Don't believe me? The voice mails left on my phone have the time recorded. I would say that, on average, patients' voice messages are 4-5 minutes long. I used to be guilty of leaving long voice messages, until I learned that 99 percent of my friends never listen to my messages past 15 seconds. (Of course, it didn't help I usually started each message with a 20-second song.)

 I respond to all my messages: emails and phone calls. But if someone keeps emailing or calling me back every 15 seconds with the same problem, I make them come in for an appointment. If it's that important, you need to see the doctor. 

 I do have some folks email me a question, but then will email me 5-10 more times to question my answers. "You said to take Tylenol. Is generic okay?" Yes, that's fine. "Which generic do you recommend?" Any is fine. "Which pharmacy do you recommend?" Um, it's 8pm, and I still have 500 charts to go through.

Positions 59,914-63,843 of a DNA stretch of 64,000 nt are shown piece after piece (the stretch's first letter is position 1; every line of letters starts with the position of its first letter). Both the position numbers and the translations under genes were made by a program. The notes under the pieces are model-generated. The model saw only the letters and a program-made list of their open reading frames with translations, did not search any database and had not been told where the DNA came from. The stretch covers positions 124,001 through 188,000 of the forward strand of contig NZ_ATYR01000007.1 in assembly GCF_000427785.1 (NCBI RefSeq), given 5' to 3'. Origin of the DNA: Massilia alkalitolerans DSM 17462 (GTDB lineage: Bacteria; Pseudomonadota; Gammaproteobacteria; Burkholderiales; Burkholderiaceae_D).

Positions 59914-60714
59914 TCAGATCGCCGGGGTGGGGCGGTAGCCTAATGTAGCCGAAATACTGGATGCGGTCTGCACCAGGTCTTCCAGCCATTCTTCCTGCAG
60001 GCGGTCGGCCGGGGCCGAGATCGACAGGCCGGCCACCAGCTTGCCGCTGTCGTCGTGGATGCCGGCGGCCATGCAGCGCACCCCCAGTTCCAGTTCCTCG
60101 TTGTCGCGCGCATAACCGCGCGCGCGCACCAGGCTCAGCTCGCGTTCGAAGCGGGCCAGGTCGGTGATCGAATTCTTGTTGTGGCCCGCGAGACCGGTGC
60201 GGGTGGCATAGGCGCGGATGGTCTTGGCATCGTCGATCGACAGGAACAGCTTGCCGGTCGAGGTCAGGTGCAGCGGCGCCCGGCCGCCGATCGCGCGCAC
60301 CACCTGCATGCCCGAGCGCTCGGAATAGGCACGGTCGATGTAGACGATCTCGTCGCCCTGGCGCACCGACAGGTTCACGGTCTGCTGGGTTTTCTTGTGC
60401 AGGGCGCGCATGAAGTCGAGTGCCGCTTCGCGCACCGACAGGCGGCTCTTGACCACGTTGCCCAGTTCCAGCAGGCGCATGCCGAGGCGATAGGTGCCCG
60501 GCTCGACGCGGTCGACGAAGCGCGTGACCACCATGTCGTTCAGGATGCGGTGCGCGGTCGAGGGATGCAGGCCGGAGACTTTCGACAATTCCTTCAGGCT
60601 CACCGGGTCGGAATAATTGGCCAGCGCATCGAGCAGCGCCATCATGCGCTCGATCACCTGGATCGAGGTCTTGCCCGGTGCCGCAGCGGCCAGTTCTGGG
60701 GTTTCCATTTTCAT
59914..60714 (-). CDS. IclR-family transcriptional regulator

Usually the office staff will talk to the patient, run it by the doctor, and get back to the patient. That really is the only way to survive in today's world of medicine. Doctors have to see many, many patients to keep the office afloat. That means you aren't the only patient; it in no way means you aren't important. It's just that there's one doctor and thousands of patients.

 I think some doctors don't call the patient back because after working 12 hours and being sleep deprived from being on call, sometimes making phone calls at 9pm is difficult. That's why I'm the email king (or queen): I type 100 words a minute, and there isn't chit-chat-chit-chat to slow me down.